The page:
Our History

Celebrating the Rich History of the Louisa Arts Center

Laying the Foundation of Historical Legacy

1907-1924

In Louisa County, Virginia, this notable 1 ½ story granite ashlar stone building, was designed by renowned Richmond architect Charles M. Robinson to serve as a high school.

 

Before his time in Richmond, Robinson worked in Altoona and Pittsburgh PA, but is best known as a prolific designer of educational buildings in Virginia – public schools in Richmond and throughout the Commonwealth, as well as buildings for James Madison University, College of William and Mary, Radford University, Virginia State University, and the University of Richmond. Many of his works are listed in the National Registry of Historic Places.

 

The Louisa Court House High School, as it was referred to at that time, served grades one through eleven. It was the first education institution in the Commonwealth that used state matching funds under the ‘1906 Mann High School Act’ to establish and maintain a system of public schooling dedicated to free public education.

 

The building architecturally expresses progressive era principles of the modern school. Large windows light eight classrooms, four on each floor. A central stair is well lit from the door and window in the central bays of the first and second floors. Well placed on its lot, the school was surrounded by land for recreation and organized games. With its auditorium annex, the school could be a center for community activities and programs.

1907
Building First Built

Louisa High School was the first occupant of our building back in 1907. The one-and-a-half story building was designed by Charles A. Robinson, architect out of Richmond. It was built by Louisa contractor Robert E. Leigh.

1910
Addition Added

The second story and the auditorium were added 3 years later.

1924
Rebuilt After Fire

After a fire gutted the main floor in 1924, the building was rebuilt. The auditorium was spared in the fire.

1940
Louisa Elementary School

When three county high schools consolidated and moved near Mineral, the Louisa Elementary because the new occupants of our historic building.

1957
Annex Built

Cafeteria and more classrooms added to the building.

1987
School Closes

Louisa Elementary School closes.

1987-2002
Vacant

Building sits vacant from 1987-2002.

September 2002
Purchased by Town of Louisa

School and four other buildings on 12.4 acres purchased by Town of Louisa from William Pettit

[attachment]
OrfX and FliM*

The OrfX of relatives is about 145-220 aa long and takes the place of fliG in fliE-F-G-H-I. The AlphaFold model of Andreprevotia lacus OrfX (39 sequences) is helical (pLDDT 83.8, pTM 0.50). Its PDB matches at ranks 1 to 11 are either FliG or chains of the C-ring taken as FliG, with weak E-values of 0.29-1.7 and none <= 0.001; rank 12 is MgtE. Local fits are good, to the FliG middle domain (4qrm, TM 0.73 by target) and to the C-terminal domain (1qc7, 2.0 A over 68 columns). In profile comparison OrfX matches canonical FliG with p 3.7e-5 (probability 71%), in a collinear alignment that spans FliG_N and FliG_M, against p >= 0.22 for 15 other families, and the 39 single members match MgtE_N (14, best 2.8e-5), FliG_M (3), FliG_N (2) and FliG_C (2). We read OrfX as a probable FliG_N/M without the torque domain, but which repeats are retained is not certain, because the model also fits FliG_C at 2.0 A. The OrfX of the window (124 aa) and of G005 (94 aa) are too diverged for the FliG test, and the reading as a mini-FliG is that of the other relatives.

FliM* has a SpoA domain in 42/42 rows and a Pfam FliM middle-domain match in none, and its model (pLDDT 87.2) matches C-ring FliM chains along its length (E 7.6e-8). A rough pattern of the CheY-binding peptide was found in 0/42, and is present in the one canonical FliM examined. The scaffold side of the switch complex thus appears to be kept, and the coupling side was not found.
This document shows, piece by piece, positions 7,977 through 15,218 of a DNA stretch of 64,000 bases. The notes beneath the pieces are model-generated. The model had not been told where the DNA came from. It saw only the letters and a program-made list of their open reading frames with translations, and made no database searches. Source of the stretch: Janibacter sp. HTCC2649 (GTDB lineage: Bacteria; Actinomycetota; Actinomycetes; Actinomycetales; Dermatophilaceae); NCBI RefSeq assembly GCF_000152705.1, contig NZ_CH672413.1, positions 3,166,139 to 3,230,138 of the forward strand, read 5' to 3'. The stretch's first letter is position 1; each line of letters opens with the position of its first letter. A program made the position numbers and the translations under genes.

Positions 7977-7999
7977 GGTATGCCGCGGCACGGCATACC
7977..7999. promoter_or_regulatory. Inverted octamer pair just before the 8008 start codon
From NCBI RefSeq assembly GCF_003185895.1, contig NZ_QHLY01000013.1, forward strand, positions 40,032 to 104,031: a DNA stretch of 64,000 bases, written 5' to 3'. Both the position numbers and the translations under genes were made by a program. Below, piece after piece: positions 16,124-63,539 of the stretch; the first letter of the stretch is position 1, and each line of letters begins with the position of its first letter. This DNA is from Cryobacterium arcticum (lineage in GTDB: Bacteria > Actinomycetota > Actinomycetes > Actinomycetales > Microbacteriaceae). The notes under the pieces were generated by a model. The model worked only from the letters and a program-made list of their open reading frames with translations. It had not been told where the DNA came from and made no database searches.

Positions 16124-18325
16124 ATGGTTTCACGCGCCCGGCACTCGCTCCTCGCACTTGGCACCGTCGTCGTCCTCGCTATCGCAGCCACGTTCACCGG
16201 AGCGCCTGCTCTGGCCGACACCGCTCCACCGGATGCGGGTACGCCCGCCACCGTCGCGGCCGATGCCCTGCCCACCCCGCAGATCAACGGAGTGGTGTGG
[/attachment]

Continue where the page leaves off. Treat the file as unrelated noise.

2004
Annex Demolished

The annex (cafeteria and extra classrooms) is demolished. 

2004
Louisa Town Hall & Arts Center

Building is renamed Louisa Town Hall and Arts Center and listed on Virginia Landmark Register.

April 2004
Louisa Downtown Development Corporation

Louisa Downtown Development Corporation (LDDC) formed to bring arts, cultural, and recreational activities to Louisa and to raise funds to restore the theater, two upstairs classrooms, and build the art gallery.

June 2005
Town Hall Groundbreaking

Groundbreaking for Town Hall portion of the building. Construction cost of $1.8 million paid for by the Town of Louisa. Construction included restoration of first floor and exterior including theater exterior and roof.

Summer 2006
Art Gallery and Theater Groundbreaking

Groundbreaking for Art Gallery and Theater interior and addition of green rooms. Cost estimate came in at $1.6 million.

2007
First Art Gallery Exhibit

The Purcell Art Gallery displays its first exhibit.

2008
Louisa Arts Center Renovation

Cooke-Haley Theater, Art Studio, Box Office, and Kitchen restoration are completed.

2013
Summer Camps Begin

Summer Arts Camps are created.

2015
First Art Classes

Adult and Youth Art Classes are created.

2015
First Silver Tie Gala

First Silver Tie Gala is held.

June 2019
LaVahn and Mary Frances Hoh Scholarship Fund

The LaVahn and Mary Frances Hoh Scholarship Fund is created to ensure all children interested in the arts can participate in our youth programs, regardless of their financial situation.

2019
After-School Programs

After-school arts programs are formed for youth in our community. Louisa Theatre Works, Broadway Dance Works, and Art Lab were among our first after-school programs.

March - July 2020
Pandemic

The Louisa Arts Center had to close its doors during this period due to the worldwide COVID pandemic.

2020
Cultural Sundays

Cultural Sundays programming begins to bring unique and varied cultural experiences to our Cooke-Haley Theater stage.

2021
Live Theater: Shakespeare

Shakespeare plays performed by a theatre group to bring more live theatre cultural performances to our region.

Summer 2022
Mobile Arts Outreach Program

The Mobile Arts Outreach Program will partner with Louisa County Public Schools to bring art programming and free meals to under-served youth in our community.

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